University of Illinois plant geneticist Stephen Moose has developed a corn plant with enormous potential for increased corn plant biomass. He explains that the energy to make the seed goes instead into the stalk and leaves. “We had been working with this gene for awhile. We thought there would be more wax on the leaves and there was. But we also got this other benefit, that it’s a lot bigger.”

What happened was is that the corn’s gene known as Glossy15 was originally described for its role in giving corn seedlings a waxy coating that acts like a sunscreen for the young plant, without it the seedling leaves appear shiny and glossy in sunlight. More study showed that the main function of Glossy15 is to slow down leaf shoot maturation.

Moose wondered what would happen if they turned up the action of this gene. “What happens is that you get bigger plants, possibly because they’re more sensitive to the longer days of summer. We put in another (Glossy15 corn gene back in the DNA) and increased its activity. So, it makes the plant slow down and gets much bigger at the end of the season.”

What Moose’s work illustrates is that genetics for recycling CO2 to re-access it for fuel production is just past the conception stage. Others are working on switchgrass and miscanthus. Around the world plants such as jatropha and other plants are being researched. The news often sees a “research paper” or story that concludes that biomass and biofuels are in one form or other seen as dead ends, but 50 years of grain and food crop yield gains shadows such commentary to near darkness.

Moose’s corn (Might be naming it now.) seems to move the production of starch from the seed kernels to sugar production in the leaves and stalks. Moose calls it ‘sugar corn’ because the apparent drive was to find a corn plant that would serve as a better food for beef and dairy cattle. Standard corn stalks and leaves are chopped up with the grain to entice the animals to eat it. It is usually fermented too, to help breakdown the fibrous materials and act as a preservative. Growing a corn plant that has more sugar would be more palatable for animals and would have sugar rather than starch for fuel production so reducing the costs, intensity or skipping a fuel production step.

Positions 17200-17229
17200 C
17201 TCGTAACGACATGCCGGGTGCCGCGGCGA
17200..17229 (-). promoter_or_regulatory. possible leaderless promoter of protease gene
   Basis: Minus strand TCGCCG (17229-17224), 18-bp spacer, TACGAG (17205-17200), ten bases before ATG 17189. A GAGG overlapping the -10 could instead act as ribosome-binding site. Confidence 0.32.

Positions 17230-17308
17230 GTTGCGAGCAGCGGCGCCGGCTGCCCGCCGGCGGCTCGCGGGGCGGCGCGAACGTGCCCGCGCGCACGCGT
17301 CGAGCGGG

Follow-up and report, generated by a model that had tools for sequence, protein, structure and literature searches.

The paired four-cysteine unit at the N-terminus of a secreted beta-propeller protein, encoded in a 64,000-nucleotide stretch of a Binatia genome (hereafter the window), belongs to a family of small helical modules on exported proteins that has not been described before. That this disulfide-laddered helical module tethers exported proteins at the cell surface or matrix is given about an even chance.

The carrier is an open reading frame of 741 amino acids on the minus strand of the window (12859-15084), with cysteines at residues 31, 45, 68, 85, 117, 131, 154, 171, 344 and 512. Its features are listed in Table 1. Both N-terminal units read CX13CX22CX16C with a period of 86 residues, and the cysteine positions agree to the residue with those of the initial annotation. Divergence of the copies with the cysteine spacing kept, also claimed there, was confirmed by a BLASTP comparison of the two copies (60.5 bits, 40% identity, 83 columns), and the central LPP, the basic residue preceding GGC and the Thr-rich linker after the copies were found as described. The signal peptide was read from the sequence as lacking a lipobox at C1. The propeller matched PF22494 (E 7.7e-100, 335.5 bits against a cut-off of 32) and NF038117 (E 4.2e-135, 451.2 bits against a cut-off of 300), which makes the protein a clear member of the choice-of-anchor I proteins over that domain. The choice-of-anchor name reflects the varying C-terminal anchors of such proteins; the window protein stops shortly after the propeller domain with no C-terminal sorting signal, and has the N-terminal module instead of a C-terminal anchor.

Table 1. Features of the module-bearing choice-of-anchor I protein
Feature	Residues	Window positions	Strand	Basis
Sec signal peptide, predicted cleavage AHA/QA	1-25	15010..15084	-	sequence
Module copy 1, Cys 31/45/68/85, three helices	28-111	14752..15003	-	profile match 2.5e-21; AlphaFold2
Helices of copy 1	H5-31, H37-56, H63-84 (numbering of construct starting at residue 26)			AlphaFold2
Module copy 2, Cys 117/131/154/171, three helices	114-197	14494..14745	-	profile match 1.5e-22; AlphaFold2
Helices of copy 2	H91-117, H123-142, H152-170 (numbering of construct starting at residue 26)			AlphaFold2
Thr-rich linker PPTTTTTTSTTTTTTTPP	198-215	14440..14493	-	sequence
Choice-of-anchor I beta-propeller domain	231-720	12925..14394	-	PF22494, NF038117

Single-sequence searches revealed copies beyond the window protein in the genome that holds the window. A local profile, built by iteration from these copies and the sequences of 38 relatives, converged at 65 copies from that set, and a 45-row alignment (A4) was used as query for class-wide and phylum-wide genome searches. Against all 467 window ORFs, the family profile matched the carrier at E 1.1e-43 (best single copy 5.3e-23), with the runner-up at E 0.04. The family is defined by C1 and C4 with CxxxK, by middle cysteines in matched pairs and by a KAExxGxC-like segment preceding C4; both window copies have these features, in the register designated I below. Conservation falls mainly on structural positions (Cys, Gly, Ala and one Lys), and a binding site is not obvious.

The new corn plant might also aid in cutting back on the fats in the beef people eat. The plant as a beef cattle food might fit the standard for grass fed beef, a lower fat, and more healthy way to produce protein.

The research should also get to market pretty quickly. Moose tested his hypothesis with other corn lines and the effect was the same. “We essentially can make any corn variety bigger with this gene. And it can be done in one cross and we know exactly which gene does it.”

To be commercialized, this sugar corn plant it would have to get government regulatory approval, but Moose said that this is about as safe a gene as you can get. “It’s a gene that’s already in the corn — all we did was to put an extra copy in that amps it up.”

Moose’s findings from his research were published in the Proceedings of the National Academy of Sciences of the United States of America.

What one should keep an eye out for is this same level of intuition and innovation across the full spectrum of plants in consideration for fuel production. The U.S. in particular and other researchers around the world have revolutionized food production such that 6.5 billion people can survive on the planet, with room for more, even though that isn’t a good idea. The same revolution with a little different target of more sugar and starches convertible to fuels is getting underway. Corn, since the mid 1930s has increased about 5 fold, wheat nearly triple and soya doubled, all with more yield growth to come. Rice is also much better yielding with much effort in to pest and disease resistance bringing incredible increases in rice supplies.

It seems that genetic technology has managed to stay ahead of the growth in population for foods. There is every reason to think that research and technology will be just as effective for providing the science that will keep liquid fuels in the future for a very long time, too. Its just now getting the first strides underway.


5 Comments so far

  1. Monte Gowler on May 27, 2011 9:12 AM

    I REALLY liked your post and blog! It took me a minute bit to find your site…but I bookmarked it. Would you mind if I posted a link back to your post?

  2. Taylor Pniewski on August 27, 2011 10:22 AM

    Interesting read, perhaps the best article iv’e browse today. We learn everyday cheers to you!

  3. Shery Fraize on September 6, 2011 1:04 AM

    I’ve been checking your blog for a while now, seems like everyday I learn something new 🙂 Thanks

  4. Adrian Falvo on September 27, 2011 12:40 AM

    Intriguing post. I have been searching for some good resources for solar panels and discovered your blog. Planning to bookmark this one!

  5. Laura Lough on September 27, 2011 1:36 AM

    I was just having a conversation over this I am glad I came across this it cleared some of the questions I had.

Name (required)

Email (required)


Speak your mind